Steam, with its residual heat, is vented to the surroundings (cold reservoir) at the end of each cycle. The efficiency of the engine depends on how much heat is available to do work versus heat lost to the surroundings. Losses include those due to friction between the moving mechanical parts.
If the engine were to become a closed system, that is, it was left alone and isolated, the engine's fire would burn out and it would cease functioning. Eventually, like the ice cube example, the entire system attains a uniform temperature. The complex molecules making up its fuel have broken, apart leaving ashes.
To maintain operation the system needs to remain open. A supply of new fuel and the dissipation of lost heat are needed to maintain the temperature difference between the reservoirs.
Suppose an engine in a closed system is used to build a structure. Looking narrowly at a structure built from raw materials one would say order increased, and entropy decreased. However, this is but a small corner of a larger system.
More broadly, taking into account losses in chemical structure of the fuel and lost partitioning of heat reservoirs, the system, as a whole, increased in entropy.
Structure can be built in a closed system. But, to the extent you create order in one location, you create more disorder elsewhere. Entropy can decrease locally, but only at the expense of a larger increase on a broader scale.
The second law was stated more succinctly, without explicit reference to the concept of entropy, by Lord Kelvin in the mid-19th century: No process is possible in which the sole result is the absorption of heat from a reservoir and its complete conversion into work.
In any system there are always energy losses that cannot be used to do work. As a result, you can't build something that does work and at the same time reenergizes the reservoir it draws upon to do that work. Perpetual motion machines are impossible.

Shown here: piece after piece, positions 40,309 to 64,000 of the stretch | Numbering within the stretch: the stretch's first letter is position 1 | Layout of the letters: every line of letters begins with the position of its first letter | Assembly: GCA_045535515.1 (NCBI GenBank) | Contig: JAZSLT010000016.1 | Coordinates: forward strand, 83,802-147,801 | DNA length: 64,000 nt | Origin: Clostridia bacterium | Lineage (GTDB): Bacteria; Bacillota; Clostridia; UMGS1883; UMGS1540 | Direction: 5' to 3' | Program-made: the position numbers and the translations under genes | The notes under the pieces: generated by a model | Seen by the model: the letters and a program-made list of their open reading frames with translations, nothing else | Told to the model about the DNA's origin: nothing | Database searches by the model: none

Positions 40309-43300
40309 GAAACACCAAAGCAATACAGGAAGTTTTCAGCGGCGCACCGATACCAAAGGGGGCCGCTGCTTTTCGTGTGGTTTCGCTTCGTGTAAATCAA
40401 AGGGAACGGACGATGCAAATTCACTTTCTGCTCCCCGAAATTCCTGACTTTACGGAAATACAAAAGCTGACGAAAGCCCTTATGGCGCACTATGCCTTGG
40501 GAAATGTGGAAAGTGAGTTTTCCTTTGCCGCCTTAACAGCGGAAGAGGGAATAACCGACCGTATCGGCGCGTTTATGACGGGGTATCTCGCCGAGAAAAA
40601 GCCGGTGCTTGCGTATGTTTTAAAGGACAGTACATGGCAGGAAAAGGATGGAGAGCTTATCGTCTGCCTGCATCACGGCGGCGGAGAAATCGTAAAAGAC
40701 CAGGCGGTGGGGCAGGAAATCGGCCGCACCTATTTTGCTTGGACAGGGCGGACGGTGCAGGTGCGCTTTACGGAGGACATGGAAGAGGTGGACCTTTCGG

Though our solar system approximates a closed system, the Earth does not. Many structures on Earth exist because the planet is an open system. Weather patterns and all of life owe their existence to the Sun providing a continuous supply of radiant (electromagnetic) energy to the planet.
To the extent structure arises on Earth as a result of solar radiation, larger amounts of disorder are created in the Sun. The Sun will eventually burn out, leaving the equivalent of a heap of ash. When that occurs, the Earth will truly be a closed system. The structures the Sun's energy makes possible on Earth will then disintegrate.
The second law is very profound. I have made frequent references to how, in a closed system, a property called entropy increases with the passage of time. This arises because of irreversible processes that take place in the physical world.
The second law affirms that events run forward, not backwards in time. Without work being done a pile of sand on the beach won't spontaneously reassemble itself as a sand castle and liquid water won't spontaneously crystallize as ice. The second law is said to demonstrate the arrow of time, which only fires in one direction: forward.
Steve Luckstead is a medical physicist in the radiation oncology department at St. Mary Medical Center. He can be reached at firstname.lastname@example.org.